Dr. Seuss Day is coming up on March 2! Here are some of our favorite Dr. Seuss stories – and the valuable lessons they teach us.
One thing that we particularly love about Dr. Seuss is how his books are relatable to children, yet they also convey mature moral lessons to help better our lives. We all love Dr. Seuss’ more famous titles like How the Grinch Stole Christmas! and Oh, the Places You’ll Go! - but today we’d like to touch on some lesser-known stories.
I Had Trouble in Getting to Solla Sollew (1965)
“I’m off to the City of Solla Sollew
On the banks of the beautiful River Wah-Hoo,
Where they never have troubles! At least, very few.”
I Had Trouble in Getting to Solla Sollew follows the story of a young narrator who is constantly plagued by pests throughout his homeland, the Valley of Vung. After having a terrible day where he stubs his toe, sprains his tail, and gets bitten by a green-headed Quilligan Quail, the narrator finally decides to put an end to his troubles once and for all. A passing traveler tells the narrator about the mystical city of Solla Sollew, which supposedly is a land free of “troubles.” The book follows the narrator’s treacherous journey to Solla Sollew, only to find that his destination wasn’t what he thought it’d be. The narrator decides to return home, but this time instead of running from his troubles – he’ll face them head on! I Had Trouble in Getting to Solla Sollew is a wonderful story about determination and resilience – difficulties are a part of life, and learning to overcome these obstacles is a valuable skill we can all benefit from. Rather than trying to avoid challenges, embrace them!
The Sneetches and Other Stories (1961)
“Those stars weren't so big. They were really so small
You might think such a thing wouldn't matter at all.
But, because they had stars, all the Star-Belly Sneetches
Would brag, ‘We're the best kind of Sneetch on the beaches.’”
Sneetches are creatures who live on the beaches, but their community is divided – some Sneetches are born with desirable stars on their bellies, and they keep to themselves. The Plain-Belly Sneetches feel excluded from the Star-Belly Sneetches, who get to live on the nicer parts of the beaches and enjoy exclusive frankfurter parties and picnics. One day, a strange traveling salesman by the name of Sylvester McMonkey McBean comes to town with a machine that will magically add a star to any Sneetches’ belly! However, once the Plain-Belly Sneetches receive stars, the former Star-Bellied Sneetches no longer feel special – so McBean, sensing a new business opportunity, sells them on another machine that will now remove their stars. This goes back and forth a few times until everyone is mixed up, and nobody can tell who was originally a Star-Belly and who was a Plain-Belly. At last, the Sneetches realize how silly it is that the presence of belly-stars should keep them apart, and they all decide to live together on the beaches in harmony. The Sneetches illustrates why we should never judge others solely based on their appearance, and that differences in how we look shouldn’t divide our communities.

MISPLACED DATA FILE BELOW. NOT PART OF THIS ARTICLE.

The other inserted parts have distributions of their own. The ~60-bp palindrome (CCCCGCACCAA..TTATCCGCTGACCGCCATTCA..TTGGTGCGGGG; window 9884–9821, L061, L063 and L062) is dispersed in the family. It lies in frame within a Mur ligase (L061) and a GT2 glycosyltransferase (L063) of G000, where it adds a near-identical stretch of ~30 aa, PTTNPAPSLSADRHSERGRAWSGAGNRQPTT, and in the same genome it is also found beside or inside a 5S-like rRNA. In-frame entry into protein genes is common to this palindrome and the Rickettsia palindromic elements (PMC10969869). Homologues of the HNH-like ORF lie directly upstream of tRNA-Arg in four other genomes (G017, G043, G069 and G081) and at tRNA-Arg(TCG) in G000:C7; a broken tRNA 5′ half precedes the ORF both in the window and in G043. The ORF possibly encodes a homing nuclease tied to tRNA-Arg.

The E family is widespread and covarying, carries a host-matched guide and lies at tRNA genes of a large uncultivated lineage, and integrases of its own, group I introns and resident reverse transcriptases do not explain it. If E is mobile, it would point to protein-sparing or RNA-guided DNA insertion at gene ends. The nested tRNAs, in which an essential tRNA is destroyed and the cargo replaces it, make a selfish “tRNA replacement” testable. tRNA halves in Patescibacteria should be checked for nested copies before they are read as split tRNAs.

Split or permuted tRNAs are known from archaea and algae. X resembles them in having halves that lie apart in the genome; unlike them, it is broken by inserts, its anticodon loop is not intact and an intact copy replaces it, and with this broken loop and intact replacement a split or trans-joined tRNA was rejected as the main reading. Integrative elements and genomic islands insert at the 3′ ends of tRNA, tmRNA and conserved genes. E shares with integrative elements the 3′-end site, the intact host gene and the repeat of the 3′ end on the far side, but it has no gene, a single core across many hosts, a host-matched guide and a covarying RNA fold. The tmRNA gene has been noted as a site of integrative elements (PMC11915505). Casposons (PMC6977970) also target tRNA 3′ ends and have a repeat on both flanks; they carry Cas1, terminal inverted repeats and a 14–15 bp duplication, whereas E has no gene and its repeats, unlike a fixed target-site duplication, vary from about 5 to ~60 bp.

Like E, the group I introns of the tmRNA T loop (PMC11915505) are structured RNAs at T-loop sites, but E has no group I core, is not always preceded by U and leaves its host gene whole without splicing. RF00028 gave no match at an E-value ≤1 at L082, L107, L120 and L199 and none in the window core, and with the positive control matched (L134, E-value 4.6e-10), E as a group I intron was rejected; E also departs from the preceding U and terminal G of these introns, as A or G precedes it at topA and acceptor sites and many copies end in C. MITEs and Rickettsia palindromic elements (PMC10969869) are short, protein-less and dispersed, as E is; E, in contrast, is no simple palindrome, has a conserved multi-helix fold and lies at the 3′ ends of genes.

Yertle the Turtle and Other Stories (1958)
“Your Majesty, please...I don’t like to complain,
But down here below, we are feeling great pain.
I know, up on top you are seeing great sights,
But down at the bottom we, too, should have rights.”
Yertle the Turtle is king of the pond, and all the other turtles are happy with their lives. However, Yertle isn’t satisfied and feels that his kingdom is too small. Yertle believes he needs to be higher up in order to “look down” over other lands he can rule over. Yertle orders the turtles in the pond to begin stacking themselves on top of one another to create his “throne” – but Yertle is still never content. While Yertle is perched upon his turtle tower in the clouds, the others below him complain of the discomfort – only to be ignored by Yertle. Everything comes crashing down when Mack, the lowly turtle at the very bottom of the tower, accidentally burps! Although whimsical, Yertle the Turtle contains several mature messages – first, that everyone in a society is equal, regardless of their status in the “pond.” In addition, a community is only as strong as its weakest link. Although some people may wish to remain “on top” – as Yertle finds out, this is not sustainable in the long run.